Generally, the present invention provides an electrophotographic toner useful in an image forming method in which a toner image, which is formed on an image bearing member according to a latent image thereon, is transferred to an intermediate transfer member and then the transferred toner is transferred to a receiving material, wherein the toner includes toner particles (hereinafter sometimes referred to as a mother toner) including a binder resin and a colorant, and wherein the toner further includes a particulate fluorine-containing material.

The toner of the present invention hardly generates a toner filming problem in that a toner film is formed on the intermediate transfer member because the particulate fluorine-containing material is included in the toner. In addition, the toner of the present invention has good transferability, resulting in formation of images having good image qualities without generating omissions in the resultant toner images even when used for a long time.

In the present invention, the particulate fluorine-containing materials mean particulate materials including one or more fluorine elements therein, and known fluorine-containing materials can be used.

Suitable particulate fluorine-containing materials include particulate fluorine-containing resins, particulate fluorine-containing inorganic materials and the like.

Fluorine-containing resins include:

(1) polymers made by polymerizing a fluorine-containing monomer;

(2) copolymers made by copolymerizing two or more fluorine-containing monomers; and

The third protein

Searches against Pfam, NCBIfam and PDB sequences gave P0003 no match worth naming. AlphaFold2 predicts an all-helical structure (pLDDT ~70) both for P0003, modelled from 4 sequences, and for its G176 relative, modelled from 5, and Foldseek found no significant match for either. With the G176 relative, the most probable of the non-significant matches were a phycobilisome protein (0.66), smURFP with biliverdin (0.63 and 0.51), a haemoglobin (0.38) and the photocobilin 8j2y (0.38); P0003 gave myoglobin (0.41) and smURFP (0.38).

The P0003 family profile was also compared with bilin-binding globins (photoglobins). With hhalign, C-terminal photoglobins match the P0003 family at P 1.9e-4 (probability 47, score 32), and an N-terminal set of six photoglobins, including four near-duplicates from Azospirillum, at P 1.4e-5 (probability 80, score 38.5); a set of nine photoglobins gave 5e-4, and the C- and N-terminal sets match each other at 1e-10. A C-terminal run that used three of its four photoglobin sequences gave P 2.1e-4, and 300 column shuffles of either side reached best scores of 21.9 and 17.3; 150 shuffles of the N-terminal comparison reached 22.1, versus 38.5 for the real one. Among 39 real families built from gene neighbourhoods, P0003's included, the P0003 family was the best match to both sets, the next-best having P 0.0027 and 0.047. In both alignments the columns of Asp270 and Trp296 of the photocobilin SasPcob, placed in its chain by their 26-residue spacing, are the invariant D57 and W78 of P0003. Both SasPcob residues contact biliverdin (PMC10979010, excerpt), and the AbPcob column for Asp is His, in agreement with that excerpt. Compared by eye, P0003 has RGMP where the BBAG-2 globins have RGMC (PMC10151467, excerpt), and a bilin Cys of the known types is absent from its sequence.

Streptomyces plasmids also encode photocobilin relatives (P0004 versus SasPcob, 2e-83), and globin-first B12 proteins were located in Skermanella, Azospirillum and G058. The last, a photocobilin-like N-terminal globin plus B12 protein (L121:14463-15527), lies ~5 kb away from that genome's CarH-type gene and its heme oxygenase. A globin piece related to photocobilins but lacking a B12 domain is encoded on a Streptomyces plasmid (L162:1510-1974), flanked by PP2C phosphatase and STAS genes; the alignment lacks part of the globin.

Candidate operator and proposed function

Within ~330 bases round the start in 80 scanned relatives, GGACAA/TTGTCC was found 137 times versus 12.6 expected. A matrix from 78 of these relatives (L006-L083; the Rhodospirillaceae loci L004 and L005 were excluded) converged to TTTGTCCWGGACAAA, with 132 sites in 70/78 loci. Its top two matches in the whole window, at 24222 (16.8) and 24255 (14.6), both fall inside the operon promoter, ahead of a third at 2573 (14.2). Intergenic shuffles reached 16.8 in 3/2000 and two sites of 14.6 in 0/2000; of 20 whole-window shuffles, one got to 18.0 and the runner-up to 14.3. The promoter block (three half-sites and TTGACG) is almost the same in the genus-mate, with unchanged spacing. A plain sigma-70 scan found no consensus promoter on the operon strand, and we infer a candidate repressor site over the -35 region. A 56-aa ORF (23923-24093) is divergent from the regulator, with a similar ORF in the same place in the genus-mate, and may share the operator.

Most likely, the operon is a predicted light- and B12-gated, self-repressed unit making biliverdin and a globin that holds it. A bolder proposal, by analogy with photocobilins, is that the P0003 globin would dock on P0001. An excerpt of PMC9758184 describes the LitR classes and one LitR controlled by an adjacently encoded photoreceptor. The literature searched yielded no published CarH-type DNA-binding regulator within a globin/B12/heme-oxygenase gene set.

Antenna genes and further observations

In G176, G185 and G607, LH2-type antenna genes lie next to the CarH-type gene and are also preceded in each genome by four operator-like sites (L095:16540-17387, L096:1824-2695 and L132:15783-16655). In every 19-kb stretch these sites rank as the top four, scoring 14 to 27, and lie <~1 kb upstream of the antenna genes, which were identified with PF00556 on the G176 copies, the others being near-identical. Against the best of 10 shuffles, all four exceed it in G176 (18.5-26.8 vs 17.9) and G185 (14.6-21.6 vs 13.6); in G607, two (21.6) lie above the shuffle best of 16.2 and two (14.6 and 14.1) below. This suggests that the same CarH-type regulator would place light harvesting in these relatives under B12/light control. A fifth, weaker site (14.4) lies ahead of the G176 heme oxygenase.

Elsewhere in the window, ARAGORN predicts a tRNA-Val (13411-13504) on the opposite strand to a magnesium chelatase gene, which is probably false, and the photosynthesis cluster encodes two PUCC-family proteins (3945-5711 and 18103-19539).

(3) copolymers made by copolymerizing one or more fluorine-containing monomers and one or more other monomers.

Specific examples of the fluorine-containing monomers include vinyl fluoride, vinylidene fluoride, trifluoroethylene, tetrafluoroethylene, 1-chloro-1,2-difluoroethylene, 1,2-dichloro-1,2-difluoroethylene, bromotrifluoroethylene, 3,3,3-trifluoropropene, 3-chloro-3,3-difluoro-1-propene, 3-fluoro-3,3-dichloro-1-propene, 1-chloro-1-fluoroethylene, 1,1-difluoro-2-chloroethylene, 1,1-dichloro-2-fluoroethylene, 1-chloro-2,2-difluoroethylene, 1,1-dichloro-2,2-difluoroethylene, chlorotrifluoroethylene, 1-bromo-1-fluoroethylene, 1-chloro-2-fluoroethylene, (meth)acrylic acid which is substituted with fluorine and their derivatives, and the like.

In the present invention, polymers or copolymers, which are made bypolymerizing a monomer or monomers including at least one monomer selected from the group consisting of tetrafluoroethylene, vinylidene fluoride, chlorotrifluoroethylene, and hexafluoroisopropyl methacrylate are preferably used as the fluorine-containing resins. Among these polymers and copolymers, polytetrafluoroethylene is more preferable.

The surface of the particulate fluorine-containing resins may be treated with a surfactant, an charge controlling agent and/or the like.

Suitable particulate fluorine-containing inorganic materials include particulate materials which can be made of, for example, an ore (bastnaesite) of cerium oxide, which includes fluorine. In detailed description, bastnaesite is pulverized, treated by a wet process and then filtered to prepare a cake. The cake is calcined, powdered and classified to form a particulate fluorine-containing inorganic material. In this case, fluorine element is included in the particulate fluorine-containing inorganic material as a form of ROF, wherein R represents a rare earth element, O represents an oxygen atom and F represents a fluorine atom.